Whiplash is a non-medical term describing a range of injuries to the neck caused by or related to a sudden distortion of the neck associated with extension, although the exact injury mechanisms remain unknown. The term "whiplash" is a colloquialism. "Cervical acceleration–deceleration" (CAD) describes the mechanism of the injury, while the term "whiplash associated disorders" (WAD) describes the injury sequelae and symptoms.
Whiplash is commonly associated with motor vehicle accidents, usually when the vehicle has been hit in the rear; however, the injury can be sustained in many other ways, including headbanging, bungee jumping and falls. It is one of the most frequently claimed injuries on vehicle insurance policies in certain countries; for example, in the United Kingdom 430,000 people made an insurance claim for whiplash in 2007, accounting for 14% of every driver's premium.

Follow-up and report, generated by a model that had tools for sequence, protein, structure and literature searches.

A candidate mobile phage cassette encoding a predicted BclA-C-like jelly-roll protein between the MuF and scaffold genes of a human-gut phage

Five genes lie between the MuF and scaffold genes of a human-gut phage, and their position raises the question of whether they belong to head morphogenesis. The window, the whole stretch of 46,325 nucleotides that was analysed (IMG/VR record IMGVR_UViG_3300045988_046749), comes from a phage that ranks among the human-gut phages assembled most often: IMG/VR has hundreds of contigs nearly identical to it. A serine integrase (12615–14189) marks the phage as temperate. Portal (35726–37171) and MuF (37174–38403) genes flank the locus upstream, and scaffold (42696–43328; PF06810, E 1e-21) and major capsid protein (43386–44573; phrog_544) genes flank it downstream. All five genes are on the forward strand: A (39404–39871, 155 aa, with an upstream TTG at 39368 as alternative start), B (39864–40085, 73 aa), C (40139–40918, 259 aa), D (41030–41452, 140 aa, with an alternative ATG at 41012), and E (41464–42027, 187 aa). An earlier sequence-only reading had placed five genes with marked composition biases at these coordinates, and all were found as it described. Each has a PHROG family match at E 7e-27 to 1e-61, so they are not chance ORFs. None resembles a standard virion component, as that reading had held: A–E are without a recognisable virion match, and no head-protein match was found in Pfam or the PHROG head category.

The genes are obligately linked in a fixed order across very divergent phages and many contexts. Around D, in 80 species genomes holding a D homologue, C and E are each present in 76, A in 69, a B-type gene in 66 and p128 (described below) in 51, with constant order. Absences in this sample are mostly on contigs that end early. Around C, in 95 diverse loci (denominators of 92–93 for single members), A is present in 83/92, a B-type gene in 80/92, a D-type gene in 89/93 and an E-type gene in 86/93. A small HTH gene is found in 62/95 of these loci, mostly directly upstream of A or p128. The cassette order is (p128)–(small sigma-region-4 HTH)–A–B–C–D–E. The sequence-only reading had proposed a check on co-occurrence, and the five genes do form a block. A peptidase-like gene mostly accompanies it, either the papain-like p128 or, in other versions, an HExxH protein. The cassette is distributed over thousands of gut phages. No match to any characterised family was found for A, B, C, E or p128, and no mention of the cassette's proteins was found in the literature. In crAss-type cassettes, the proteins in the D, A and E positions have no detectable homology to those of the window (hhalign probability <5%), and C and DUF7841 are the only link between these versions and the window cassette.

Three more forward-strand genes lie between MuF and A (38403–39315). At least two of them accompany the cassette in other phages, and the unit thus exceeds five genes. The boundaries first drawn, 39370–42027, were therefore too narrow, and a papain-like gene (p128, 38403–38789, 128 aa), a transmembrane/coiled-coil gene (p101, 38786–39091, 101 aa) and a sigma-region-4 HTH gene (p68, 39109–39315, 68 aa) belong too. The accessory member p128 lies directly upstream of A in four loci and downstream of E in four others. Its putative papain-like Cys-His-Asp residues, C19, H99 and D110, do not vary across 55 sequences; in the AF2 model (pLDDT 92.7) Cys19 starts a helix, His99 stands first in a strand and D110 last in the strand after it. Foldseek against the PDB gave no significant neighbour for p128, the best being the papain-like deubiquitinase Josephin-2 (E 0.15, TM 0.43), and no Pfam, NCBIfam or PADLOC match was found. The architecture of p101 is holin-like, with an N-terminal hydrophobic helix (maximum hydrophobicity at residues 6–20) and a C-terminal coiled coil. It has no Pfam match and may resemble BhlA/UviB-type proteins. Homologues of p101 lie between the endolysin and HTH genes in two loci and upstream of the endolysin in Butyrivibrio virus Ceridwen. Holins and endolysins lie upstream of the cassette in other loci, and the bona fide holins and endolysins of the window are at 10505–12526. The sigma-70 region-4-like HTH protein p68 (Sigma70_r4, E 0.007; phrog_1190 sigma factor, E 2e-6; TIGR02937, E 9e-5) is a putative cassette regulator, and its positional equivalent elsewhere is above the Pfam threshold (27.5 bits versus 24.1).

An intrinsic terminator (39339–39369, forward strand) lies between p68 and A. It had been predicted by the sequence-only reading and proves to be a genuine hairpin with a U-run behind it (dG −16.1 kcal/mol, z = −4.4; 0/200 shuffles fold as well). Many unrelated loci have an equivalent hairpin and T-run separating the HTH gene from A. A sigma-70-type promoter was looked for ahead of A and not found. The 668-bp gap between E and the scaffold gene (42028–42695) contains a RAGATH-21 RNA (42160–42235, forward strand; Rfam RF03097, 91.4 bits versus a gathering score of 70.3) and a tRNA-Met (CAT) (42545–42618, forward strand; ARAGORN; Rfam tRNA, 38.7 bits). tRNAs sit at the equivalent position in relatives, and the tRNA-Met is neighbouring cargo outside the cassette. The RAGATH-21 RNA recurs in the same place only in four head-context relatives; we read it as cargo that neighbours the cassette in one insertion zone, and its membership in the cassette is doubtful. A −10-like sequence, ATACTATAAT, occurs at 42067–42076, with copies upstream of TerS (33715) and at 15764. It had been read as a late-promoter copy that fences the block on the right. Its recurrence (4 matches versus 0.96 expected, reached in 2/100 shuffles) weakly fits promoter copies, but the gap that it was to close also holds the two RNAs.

Before the invention of the car, whiplash injuries were called "railway spine" as they were noted mostly in connection with train collisions. The first case of severe neck pain arising from a train collision was documented around 1919. The number of whiplash injuries has since risen sharply due to rear-end motor vehicle collisions. Given the wide variety of symptoms associated with whiplash injuries, the Quebec Task Force on Whiplash-Associated Disorders coined the phrase 'Whiplash-Associated Disorders'.
While there is broad consensus that acute whiplash is not uncommon, the topic of chronic whiplash is controversial, with studies in at least three countries showing zero to low prevalence, and some academics positing a linkage to financial issues.